During the first half of the twentieth century, out-of-wedlock pregnancy came to be seen as one of the most urgent and compelling problems of the day. The effort to define its meaning fueled a struggle among three groups of women: evangelical reformers who regarded unmarried mothers as fallen sisters to be saved, a new generation of social workers who viewed them as problem girls to be treated, and unmarried mothers themselves. Drawing on previously unexamined case records from maternity homes, Regina Kunzel explores how women negotiated the crisis of single pregnancy and analyzes the different ways they understood and represented unmarried motherhood. Fallen Women, Problem Girls is a social and cultural history of out-of-wedlock pregnancy in the United States from 1890 to 1945. Kunzel analyzes how evangelical women drew on a long tradition of female benevolence to create maternity homes that would redeem and reclaim unmarried mothers. She shows how, by the 1910s, social workers struggling to achieve professional legitimacy tried to dissociate their own work from that earlier tradition, replacing the reform rhetoric of sisterhood with the scientific language of professionalism. By investigating the important and unexplored transition from the conventions of nineteenth-century reform to the professional imperatives of twentieth-century social welfare, Kunzel offers a new interpretation of gender and professionalization. Kunzel places shifting constructions of out-of-wedlock pregnancy within a broad history of gender, sexuality, class, and race, and argues that the contests among evangelical women, social workers, and unmarried mothers distilled larger generational and cross-class conflicts among women in the first half of the twentieth century.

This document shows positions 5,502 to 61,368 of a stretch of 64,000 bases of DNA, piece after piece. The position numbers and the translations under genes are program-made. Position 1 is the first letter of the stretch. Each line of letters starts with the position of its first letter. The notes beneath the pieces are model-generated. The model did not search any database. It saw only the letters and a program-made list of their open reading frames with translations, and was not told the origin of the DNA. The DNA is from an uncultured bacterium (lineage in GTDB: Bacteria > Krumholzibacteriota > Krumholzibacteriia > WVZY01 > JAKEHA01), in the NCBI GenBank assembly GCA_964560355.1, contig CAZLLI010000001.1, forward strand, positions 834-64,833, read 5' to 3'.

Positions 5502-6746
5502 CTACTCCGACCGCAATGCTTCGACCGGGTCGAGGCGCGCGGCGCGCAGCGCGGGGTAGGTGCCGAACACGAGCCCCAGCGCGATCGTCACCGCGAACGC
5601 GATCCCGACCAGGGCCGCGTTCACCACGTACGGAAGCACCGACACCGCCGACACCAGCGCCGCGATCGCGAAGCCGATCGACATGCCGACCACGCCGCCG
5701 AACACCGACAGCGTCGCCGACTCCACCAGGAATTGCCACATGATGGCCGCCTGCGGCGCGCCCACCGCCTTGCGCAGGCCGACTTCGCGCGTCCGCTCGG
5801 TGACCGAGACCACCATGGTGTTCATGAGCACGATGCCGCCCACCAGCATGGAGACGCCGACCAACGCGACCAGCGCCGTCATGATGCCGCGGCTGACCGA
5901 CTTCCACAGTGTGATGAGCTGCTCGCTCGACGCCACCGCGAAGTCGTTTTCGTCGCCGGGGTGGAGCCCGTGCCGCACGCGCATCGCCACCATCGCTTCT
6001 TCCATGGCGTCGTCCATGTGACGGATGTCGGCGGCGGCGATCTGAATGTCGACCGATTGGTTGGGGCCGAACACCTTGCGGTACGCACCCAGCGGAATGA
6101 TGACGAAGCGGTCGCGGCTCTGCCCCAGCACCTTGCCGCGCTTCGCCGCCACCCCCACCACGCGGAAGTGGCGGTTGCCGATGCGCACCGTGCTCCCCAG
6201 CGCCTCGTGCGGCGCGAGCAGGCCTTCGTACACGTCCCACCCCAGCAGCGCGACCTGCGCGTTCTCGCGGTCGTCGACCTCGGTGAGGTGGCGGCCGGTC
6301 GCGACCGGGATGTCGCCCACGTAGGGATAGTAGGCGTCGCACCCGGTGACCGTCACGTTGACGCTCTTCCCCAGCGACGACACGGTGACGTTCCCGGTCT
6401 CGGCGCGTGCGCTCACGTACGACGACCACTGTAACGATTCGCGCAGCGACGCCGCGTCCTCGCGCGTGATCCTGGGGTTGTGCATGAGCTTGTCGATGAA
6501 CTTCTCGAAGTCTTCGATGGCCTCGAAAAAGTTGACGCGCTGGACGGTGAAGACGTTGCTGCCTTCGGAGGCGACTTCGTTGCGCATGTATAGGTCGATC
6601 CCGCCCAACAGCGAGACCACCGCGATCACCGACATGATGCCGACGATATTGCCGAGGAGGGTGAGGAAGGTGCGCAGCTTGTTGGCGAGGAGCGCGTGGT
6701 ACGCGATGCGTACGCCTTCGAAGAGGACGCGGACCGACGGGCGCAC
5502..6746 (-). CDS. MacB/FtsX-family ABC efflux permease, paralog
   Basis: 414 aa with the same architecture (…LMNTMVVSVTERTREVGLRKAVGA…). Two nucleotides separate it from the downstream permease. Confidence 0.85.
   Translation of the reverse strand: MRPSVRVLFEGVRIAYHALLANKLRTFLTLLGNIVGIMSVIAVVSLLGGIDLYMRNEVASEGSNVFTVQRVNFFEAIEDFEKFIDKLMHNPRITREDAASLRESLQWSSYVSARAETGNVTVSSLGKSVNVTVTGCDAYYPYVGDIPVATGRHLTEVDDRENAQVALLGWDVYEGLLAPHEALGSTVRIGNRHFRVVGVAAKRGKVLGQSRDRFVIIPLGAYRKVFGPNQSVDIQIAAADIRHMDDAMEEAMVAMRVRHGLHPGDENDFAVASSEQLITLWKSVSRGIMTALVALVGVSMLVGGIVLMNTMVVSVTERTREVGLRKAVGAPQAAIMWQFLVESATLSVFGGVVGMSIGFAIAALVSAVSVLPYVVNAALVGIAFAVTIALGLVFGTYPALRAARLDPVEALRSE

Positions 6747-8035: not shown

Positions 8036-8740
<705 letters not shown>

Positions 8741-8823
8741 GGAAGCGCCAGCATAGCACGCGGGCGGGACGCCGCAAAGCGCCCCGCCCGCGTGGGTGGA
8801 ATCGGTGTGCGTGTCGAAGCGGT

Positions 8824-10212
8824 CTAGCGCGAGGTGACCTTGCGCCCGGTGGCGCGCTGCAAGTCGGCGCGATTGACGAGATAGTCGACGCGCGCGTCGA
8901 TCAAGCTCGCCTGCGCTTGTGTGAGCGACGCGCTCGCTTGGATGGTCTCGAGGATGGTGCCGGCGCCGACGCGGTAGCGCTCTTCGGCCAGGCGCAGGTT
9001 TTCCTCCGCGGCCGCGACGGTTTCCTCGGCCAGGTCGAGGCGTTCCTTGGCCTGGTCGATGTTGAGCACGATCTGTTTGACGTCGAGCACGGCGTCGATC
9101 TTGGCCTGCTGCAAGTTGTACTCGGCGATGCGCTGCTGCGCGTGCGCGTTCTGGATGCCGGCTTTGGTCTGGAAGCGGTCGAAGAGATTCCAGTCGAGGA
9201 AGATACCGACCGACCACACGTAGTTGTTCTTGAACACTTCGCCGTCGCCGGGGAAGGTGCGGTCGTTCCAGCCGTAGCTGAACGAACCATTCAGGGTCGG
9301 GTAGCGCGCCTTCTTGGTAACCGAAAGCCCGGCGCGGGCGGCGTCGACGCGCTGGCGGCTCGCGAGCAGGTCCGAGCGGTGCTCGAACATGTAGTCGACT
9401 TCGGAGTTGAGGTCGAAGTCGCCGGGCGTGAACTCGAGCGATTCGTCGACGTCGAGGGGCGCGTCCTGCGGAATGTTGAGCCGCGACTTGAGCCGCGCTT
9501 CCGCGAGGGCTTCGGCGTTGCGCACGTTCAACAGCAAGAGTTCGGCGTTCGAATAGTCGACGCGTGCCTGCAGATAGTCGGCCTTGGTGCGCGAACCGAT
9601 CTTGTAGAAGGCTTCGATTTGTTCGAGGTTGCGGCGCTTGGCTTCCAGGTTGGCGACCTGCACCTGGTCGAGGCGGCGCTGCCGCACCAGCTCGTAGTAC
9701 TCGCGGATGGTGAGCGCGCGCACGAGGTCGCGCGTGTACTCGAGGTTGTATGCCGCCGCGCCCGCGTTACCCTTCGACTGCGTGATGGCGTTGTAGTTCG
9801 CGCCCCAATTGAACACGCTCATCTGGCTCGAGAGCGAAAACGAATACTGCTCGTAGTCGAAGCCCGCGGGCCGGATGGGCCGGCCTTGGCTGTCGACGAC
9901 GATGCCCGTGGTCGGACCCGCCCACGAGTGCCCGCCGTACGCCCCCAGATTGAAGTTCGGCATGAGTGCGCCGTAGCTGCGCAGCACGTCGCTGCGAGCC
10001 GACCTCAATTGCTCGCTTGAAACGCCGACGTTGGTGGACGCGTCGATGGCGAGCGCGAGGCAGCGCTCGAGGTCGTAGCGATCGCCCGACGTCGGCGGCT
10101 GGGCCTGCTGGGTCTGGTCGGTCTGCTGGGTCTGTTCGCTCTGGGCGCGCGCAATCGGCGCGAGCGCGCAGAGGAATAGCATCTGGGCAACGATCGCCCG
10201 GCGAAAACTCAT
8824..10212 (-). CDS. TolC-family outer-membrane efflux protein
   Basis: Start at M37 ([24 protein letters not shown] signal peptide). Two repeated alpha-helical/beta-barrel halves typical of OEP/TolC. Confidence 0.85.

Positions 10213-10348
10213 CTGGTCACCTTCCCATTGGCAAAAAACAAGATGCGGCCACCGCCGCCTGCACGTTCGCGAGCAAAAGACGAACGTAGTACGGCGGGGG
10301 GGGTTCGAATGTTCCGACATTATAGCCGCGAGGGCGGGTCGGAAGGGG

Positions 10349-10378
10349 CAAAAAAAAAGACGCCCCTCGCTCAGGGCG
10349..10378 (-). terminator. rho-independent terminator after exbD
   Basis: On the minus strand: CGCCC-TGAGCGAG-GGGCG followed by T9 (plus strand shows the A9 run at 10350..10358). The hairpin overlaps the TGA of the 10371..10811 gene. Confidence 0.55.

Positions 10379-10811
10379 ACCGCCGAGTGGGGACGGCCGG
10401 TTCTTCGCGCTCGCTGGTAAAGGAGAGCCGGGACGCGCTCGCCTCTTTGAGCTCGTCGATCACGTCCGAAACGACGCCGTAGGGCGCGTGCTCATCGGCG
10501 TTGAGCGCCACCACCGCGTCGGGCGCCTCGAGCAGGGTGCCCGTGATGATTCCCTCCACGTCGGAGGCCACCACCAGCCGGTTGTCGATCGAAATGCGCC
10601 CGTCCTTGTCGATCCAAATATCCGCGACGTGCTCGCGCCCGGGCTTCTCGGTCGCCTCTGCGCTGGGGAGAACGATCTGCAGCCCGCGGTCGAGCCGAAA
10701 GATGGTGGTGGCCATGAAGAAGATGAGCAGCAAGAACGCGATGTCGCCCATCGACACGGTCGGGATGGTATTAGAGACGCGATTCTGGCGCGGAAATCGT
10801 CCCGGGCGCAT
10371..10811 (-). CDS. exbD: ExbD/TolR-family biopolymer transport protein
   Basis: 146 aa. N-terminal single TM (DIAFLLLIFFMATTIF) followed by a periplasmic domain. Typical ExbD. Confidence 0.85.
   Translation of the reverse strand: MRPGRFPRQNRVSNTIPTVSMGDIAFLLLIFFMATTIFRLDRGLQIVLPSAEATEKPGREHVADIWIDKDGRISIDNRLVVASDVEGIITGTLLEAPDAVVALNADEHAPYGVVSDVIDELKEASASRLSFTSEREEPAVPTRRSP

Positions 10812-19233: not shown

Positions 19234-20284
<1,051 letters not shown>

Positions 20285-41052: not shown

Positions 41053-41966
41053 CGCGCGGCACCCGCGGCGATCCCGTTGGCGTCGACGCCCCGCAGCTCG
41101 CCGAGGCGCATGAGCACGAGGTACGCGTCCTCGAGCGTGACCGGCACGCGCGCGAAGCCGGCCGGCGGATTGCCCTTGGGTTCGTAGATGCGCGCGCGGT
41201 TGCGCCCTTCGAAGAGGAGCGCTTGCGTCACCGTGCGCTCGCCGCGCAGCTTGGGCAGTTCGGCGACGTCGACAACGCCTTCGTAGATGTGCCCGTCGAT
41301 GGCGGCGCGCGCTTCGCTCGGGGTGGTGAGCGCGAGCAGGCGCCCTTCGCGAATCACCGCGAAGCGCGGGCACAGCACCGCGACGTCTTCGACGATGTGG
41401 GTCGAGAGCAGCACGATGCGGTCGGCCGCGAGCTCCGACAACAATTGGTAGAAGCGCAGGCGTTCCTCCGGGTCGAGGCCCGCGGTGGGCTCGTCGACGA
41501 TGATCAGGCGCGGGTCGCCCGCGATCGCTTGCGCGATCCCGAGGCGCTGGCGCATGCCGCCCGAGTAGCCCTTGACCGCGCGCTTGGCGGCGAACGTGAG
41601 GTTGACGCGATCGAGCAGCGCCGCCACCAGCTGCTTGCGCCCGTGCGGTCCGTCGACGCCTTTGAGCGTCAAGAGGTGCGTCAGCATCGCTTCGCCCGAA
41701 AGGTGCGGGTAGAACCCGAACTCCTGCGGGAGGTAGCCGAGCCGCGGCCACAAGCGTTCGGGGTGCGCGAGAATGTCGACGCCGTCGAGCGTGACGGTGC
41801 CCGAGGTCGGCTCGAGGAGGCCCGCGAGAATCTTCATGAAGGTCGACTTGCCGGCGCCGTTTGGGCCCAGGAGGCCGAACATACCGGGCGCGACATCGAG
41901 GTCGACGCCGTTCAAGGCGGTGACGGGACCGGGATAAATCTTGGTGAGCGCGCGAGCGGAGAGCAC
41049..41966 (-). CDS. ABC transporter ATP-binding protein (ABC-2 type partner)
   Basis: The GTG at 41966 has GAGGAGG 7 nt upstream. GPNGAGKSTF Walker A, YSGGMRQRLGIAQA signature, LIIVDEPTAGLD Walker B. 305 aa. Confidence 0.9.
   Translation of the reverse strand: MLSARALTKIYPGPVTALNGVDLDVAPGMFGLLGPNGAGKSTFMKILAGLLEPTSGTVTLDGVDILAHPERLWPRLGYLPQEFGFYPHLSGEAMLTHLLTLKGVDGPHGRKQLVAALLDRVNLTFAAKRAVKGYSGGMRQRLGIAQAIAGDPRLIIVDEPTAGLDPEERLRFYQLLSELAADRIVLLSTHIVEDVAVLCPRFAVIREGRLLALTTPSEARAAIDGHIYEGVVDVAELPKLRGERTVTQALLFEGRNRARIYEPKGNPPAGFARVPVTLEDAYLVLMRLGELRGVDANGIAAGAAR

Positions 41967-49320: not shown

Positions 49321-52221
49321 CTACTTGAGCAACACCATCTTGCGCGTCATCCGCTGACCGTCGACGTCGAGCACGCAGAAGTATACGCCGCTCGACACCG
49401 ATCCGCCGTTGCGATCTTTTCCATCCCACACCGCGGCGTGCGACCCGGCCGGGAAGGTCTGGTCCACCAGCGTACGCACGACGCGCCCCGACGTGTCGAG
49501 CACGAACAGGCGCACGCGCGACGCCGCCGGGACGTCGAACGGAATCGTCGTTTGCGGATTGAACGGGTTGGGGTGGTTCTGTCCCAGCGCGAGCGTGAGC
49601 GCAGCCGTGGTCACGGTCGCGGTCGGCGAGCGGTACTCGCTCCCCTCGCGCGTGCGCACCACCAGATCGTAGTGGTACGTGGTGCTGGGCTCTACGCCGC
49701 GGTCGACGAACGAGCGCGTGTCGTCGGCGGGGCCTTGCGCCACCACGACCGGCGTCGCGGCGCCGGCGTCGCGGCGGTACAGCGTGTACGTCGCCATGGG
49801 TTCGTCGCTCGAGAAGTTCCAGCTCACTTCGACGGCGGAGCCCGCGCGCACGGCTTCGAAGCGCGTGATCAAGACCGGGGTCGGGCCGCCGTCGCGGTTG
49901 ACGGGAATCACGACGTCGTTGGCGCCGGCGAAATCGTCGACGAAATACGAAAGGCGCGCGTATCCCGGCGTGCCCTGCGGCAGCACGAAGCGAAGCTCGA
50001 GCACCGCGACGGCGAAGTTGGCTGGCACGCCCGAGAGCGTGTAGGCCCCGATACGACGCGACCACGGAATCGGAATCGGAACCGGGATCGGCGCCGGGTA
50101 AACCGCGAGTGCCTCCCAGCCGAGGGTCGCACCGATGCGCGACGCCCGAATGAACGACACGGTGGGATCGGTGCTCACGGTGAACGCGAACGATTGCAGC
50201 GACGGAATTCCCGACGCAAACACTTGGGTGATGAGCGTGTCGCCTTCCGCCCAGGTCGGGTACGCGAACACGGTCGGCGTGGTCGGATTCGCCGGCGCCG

Traces how scientific and professional social workers wrested the discourse about unmarried mothers from the evangelical reformers of the 19th century. The reformers saw the women as fallen sisters to be saved; the social workers saw them as problem girls to be treated. Places the conflict within larger class, gender, and race tensions in the first half of the 20th century. Annotation c. Book News, Inc., Portland, OR (booknews.com)